Make informed forage decisions that satisfy each horse’s nutritional, health, and welfare needs
Joël Lecomte shuts off the roaring engine of his tractor and steps down onto the outer edge of a vast, grassy, practically treeless meadow. On this unseasonably warm spring day in Central France, the soon-to-be-retired farmer looks up at the clear sky, takes off his beret, and wipes his brow with his shirt sleeve. Ever a man of few words, he pinches off a blade of bright green ryegrass and simply says, “For the horses, it can’t wait. We’ll cut tomorrow.”
Like all producers of good-quality hay, Lecomte knows there’s an art to growing the right forage for the right herbivore, and hay is anything but one-size-fits-all. Everything matters, from seeding and fertilizing methods and the blend of plant species in the field to the amount of sunshine, rainfall, frosty mornings, wind, and hail and the timing of cutting, drying, and baling.
Unless they cut their own hay, most horse owners don’t need the expert skill set it takes to produce good forage. But what we can—and should—do is know how the quality and nutritional value of forage can vary considerably from one batch to another. And, armed with that knowledge and the help of our equine nutritionists, we can make informed decisions about choosing the right forage for our horses’ needs, says Emanuela Valle, DVM, PhD, ECVCN, head of the clinical nutrition counseling group in the University of Turin’s Department of Veterinary Science, in Italy.
Matching Nutrients to Horse, in a 2% Format
High-quality forage is chock full of nutrients; it can essentially supply all the calories, protein, calcium, phosphorus, and potassium horses need, as well as most of the magnesium and iron and many other vitamins and minerals, says Shannon Pratt-Phillips, PhD, a professor of equine nutrition in North Carolina State University’s Department of Animal Science, in Raleigh.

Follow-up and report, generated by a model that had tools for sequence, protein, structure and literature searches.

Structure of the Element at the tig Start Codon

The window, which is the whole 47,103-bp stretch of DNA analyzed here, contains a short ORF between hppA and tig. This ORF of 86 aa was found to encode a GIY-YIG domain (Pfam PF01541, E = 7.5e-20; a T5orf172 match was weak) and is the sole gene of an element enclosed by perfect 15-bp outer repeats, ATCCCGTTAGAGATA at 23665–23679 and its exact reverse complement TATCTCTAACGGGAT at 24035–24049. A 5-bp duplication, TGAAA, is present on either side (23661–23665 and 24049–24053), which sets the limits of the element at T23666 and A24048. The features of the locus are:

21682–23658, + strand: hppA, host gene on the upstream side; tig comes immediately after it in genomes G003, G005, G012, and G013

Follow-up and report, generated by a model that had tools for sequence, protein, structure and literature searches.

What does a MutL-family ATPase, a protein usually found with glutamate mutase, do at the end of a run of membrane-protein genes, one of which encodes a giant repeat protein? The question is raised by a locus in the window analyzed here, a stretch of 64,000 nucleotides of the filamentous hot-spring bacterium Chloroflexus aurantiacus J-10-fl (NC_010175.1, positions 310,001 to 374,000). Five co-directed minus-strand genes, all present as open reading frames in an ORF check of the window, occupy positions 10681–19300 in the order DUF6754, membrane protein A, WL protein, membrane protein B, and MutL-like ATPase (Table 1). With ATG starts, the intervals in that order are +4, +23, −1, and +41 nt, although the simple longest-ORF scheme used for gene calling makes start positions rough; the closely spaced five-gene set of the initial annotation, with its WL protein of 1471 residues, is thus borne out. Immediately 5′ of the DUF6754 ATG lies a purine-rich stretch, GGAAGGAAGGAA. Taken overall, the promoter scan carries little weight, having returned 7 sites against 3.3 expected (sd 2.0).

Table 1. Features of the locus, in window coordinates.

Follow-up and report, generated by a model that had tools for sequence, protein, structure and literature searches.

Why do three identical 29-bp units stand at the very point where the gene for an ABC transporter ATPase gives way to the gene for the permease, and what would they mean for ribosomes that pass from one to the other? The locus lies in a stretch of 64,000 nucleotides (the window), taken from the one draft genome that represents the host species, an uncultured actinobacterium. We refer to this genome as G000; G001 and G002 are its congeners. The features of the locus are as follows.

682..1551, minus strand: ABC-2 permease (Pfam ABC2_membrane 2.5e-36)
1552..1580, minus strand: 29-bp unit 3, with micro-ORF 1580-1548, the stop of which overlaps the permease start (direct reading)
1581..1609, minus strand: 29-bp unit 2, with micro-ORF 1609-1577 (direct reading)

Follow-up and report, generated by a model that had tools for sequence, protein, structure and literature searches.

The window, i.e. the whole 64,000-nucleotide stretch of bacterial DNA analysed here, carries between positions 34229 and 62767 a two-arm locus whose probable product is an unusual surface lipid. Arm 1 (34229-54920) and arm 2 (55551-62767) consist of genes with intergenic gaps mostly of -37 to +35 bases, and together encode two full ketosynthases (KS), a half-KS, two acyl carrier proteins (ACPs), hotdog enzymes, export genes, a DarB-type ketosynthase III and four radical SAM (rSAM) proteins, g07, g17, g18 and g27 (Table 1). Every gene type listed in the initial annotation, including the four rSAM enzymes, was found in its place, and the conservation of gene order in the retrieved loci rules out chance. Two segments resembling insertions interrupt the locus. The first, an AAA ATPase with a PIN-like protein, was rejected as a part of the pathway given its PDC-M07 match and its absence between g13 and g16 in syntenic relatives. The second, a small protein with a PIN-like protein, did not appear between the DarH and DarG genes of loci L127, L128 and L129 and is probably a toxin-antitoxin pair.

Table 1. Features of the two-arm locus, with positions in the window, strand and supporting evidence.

“A lot of times people overlook the importance of hay as a nutrition source,” she says. “They just think, ‘I’m just going to give some hay (as a filler) because he’s getting everything he needs from the grain. But it should be the other way around: You should get as much as you can from the hay and whatever’s missing from complementary feed or a balancer.”
Even so, you wouldn’t want to give the same amount and balance of those nutrients to every horse, whose needs vary depending on size, body condition, breed, discipline, work level, genetics, general health, and more.
What you do want to give every horse is the opportunity to spend about 75% of their day consuming and chewing forage, our sources say. This is good for their welfare—because grazing all day is what they’re designed by nature to do—and their digestive tract, which is designed to have a fairly constant flow of fiber and saliva enzymes running through it.
Ideally, horses on a hay diet should eat about 2% of their body weight in forage every day. For wetter and dryer forages (see section below), that amount would need to increase or decrease accordingly. Less than that, horses might feel deprived; more than that, they might not finish it
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Autor Christa Lesté-Lasserre, MA